Mark Morrisroe in Bed, 1989
“I am not a photographer,” Gail Thacker insists. “I am a painter who discovered a medium that has a soul with painterly effects.” Her love affair with the camera took off in 1989 when a dear friend, the photographer and performance artist Mark Morrisroe, gifted her with a box of Polaroid 665 Positive/Negative film. It was three years after he had been diagnosed with AIDS, and he was able to see some of Thacker’s early Polaroids before he passed away later that same year. He was thirty years old.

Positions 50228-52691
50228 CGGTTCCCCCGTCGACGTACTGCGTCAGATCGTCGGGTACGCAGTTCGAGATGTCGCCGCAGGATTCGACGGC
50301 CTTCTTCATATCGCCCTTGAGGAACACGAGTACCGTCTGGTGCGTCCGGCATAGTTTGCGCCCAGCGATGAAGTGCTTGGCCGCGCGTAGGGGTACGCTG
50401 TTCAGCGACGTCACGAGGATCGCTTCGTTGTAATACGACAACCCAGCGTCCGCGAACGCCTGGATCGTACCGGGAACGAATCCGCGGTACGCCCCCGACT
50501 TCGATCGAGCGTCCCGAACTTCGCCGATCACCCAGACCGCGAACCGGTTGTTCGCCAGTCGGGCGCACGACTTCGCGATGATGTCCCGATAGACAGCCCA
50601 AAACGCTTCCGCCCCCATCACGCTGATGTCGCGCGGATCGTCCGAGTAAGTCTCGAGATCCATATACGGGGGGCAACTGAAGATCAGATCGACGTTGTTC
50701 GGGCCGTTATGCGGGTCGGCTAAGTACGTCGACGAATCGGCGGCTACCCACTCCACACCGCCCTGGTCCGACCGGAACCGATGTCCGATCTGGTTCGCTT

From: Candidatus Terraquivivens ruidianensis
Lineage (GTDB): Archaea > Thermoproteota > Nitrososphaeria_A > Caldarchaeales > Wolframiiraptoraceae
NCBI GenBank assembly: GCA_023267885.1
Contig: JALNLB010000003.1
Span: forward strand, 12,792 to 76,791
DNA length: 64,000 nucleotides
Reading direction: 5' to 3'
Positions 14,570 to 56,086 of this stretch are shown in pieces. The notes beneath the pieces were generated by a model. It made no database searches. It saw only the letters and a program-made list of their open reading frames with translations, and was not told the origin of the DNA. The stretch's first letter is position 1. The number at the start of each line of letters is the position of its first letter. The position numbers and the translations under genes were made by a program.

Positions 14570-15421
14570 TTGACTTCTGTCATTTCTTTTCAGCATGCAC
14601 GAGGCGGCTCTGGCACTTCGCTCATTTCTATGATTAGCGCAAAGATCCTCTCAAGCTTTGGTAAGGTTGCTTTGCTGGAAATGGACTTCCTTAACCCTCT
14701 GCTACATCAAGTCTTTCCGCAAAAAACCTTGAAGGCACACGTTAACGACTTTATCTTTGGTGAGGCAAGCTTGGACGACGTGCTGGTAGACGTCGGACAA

Thacker’s unusual process began when she left some of her un-rinsed Polaroids wrapped in plastic. The chemicals distorted the images, and they reconfigured themselves. Suddenly, apparitions, specters, ghosts, black holes, and constellations appeared over the surface of people’s faces and bodies. She followed a similar routine for decades, storing the film under her mattress, in closets, all over the place–sometimes for years before printing. As the art historian Jonathan David Katz puts it, her pictures were allowed to “age and cook in their own chemicals.”